All pet-parents think their pets are pretty special. Some pets are just cuddly and lovable, some blindly-devoted, some clever. Some dogs risk their lives as part of their jobs, while others give humans with physical disabilities independence. Other pets inspire a will to live in the humans whose lives they are intertwined with. Some save lives with blood donations.
Here are a few stories about ordinary pets who do extraordinary things.
If you live or work in Vienna, you may have seen George Hembree scooting around town in his wheelchair, his much-loved companion, Katy, always jogging alongside him. Hembree, 90 years old, is out and about just about every day, weather-permitting. He and Katy put in as much as five miles in one outing. Hembree’s wife Rosa died in August of 2011 after 44 years of marriage. Katy is his frisky and loyal 9 1/2 year-old Jack Russell terrier who has been with Hembree since she was four months old.
"She’s all I’ve got now," said Hembree of Katy. As an afterthought, he says he also has a cat, but Katy is his companion. For now, Hembree is living with his daughter on Park Street.
Katy, like many other small dogs, does not know she is small. She "protects" Hembree by barking at strange humans and other dogs. Although Hembree’s legs were amputated, Katy still jumps on his lap and snuggles against him.
What makes Katy special? "She’s my interest," said Hembree. "I take her walking with me, and play with her. She’s my companion.
"I hope she lives longer than I do. If I die before she does, my daughter would take her."
Badger Forgrave, Lisa Forgrave’s 3-year-old Labrador, has been saving lives since she was eligible and that was at age one. She saves lives – up to four at one time – by giving blood to the Blue Ridge Blood Bank [BRBB], formerly known as Eastern Veterinary Blood Bank. A BRBB vet draws the blood for analysis when the dog (the dog’s companion, that is) applies as a donor. The first Thursday of every "odd" month, the vet comes to the Great Falls Animal Hospital for the blood drive. If the dog’s blood qualifies for donation, the dog becomes a donor reaping benefits.
"The dog receives a free initial blood chemistry panel, as well as annual free screenings, including screening for tick-born diseases and heartworm," said Forgrave of Great Falls. "Once a dog becomes a BRBB donor, if the donor dog ever needs blood from Blue Ridge, that dog can have free transfusions as long as they are needed." Forgrave has personal experience with both sides. Not only is Badger a donor, but Badger’s predecessor was, as well. Her dog previous to that was a blood recipient.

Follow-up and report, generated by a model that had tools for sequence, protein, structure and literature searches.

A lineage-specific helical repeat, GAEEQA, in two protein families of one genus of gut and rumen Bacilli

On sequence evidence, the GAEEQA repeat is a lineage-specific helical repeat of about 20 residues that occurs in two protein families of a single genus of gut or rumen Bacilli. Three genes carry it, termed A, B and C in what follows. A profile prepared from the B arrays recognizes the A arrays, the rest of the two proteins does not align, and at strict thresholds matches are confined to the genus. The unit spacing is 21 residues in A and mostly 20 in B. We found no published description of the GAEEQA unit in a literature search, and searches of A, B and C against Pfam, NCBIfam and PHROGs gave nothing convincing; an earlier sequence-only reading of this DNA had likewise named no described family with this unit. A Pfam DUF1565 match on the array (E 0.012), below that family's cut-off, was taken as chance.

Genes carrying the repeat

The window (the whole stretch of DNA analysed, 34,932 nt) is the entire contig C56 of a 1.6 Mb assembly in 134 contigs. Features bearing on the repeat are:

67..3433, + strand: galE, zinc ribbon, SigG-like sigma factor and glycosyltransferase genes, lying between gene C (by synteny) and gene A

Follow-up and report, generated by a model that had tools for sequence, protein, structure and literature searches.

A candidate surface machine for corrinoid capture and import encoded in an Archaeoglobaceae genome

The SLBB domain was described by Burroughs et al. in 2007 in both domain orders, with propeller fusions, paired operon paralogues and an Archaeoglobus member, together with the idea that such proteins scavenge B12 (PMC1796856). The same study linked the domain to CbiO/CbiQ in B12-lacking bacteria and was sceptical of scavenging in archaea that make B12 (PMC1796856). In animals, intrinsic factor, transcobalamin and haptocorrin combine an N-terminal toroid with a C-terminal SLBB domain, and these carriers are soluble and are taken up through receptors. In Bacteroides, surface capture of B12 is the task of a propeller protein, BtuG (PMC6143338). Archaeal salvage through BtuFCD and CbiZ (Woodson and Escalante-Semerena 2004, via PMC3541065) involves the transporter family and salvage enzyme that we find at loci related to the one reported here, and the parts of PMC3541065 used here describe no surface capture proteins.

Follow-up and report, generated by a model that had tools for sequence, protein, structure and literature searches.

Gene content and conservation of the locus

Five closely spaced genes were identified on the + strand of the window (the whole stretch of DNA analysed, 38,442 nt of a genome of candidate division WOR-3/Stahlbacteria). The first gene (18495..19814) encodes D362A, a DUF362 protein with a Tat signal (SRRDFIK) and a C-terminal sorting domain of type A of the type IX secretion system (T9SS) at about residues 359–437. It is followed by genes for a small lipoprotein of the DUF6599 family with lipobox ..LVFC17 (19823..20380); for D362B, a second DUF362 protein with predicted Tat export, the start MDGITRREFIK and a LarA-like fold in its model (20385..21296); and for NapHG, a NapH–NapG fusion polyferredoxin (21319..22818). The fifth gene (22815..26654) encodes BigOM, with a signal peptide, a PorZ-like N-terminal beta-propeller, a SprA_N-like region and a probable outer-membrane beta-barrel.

TO BE ELIGIBLE as a canine blood donor, a dog must be, at least, one year old, and must weigh 50 pounds or more. And if you’re wondering, another qualification is that the donor dog must enjoy the blood-giving experience. Neither the pet-parent, veterinarian nor blood bank will allow a scared or uncomfortable dog to participate. It’s a win-win situation for the donor dogs and the recipients whose lives depend on blood donations.
"The [donor] dog gets lots of treats before the blood is drawn and after," said Forgrave. "Badger loves treats."
To learn more about the benefits and procedures, go to EVBB.com.
Kierianne Knollman lives in a home full of family pets. Knollman has a twin sister, but she says, it is her rescued dog Macy who knows her better than anyone else does. Macy is her confidante, her inspiration. Four years ago, Knollman took a leave of absence from the college in South Carolina she was attending. She was homesick, depressed, didn’t know what she wanted to do with her life. When she returned home, Macy was there to help Knollman sort out her young life.
MACY is a senior dog now, a bit curmudgeonly, Knollman said, but still a complement to Knollman’s personality.
"She was there to comfort me, let me hug her, talk to her," said Knollman. "She was my reason for getting up in the morning, getting my day started. Sometimes, with depression, the hardest thing to do is to get the day started.
"She was like a friend, therapy-wise, to me. She was the inspiration for my goal in life." All the Knollman family pets were rescues, and Macy gave back so much to Kierianne. "She made me realize, since I came home from school, that I wanted to work with animals and animal rescue."
Now, Knollman, a vet assistant at Great Falls Animal Hospital, is at Northern Virginia Community College training to be a licensed veterinary technician, a skill in high-demand throughout the country. While working at the animal hospital and going to college, Knollman volunteers at the Animal Welfare League of Alexandria. "Macy was with me when I was having a hard time after college. She inspired me."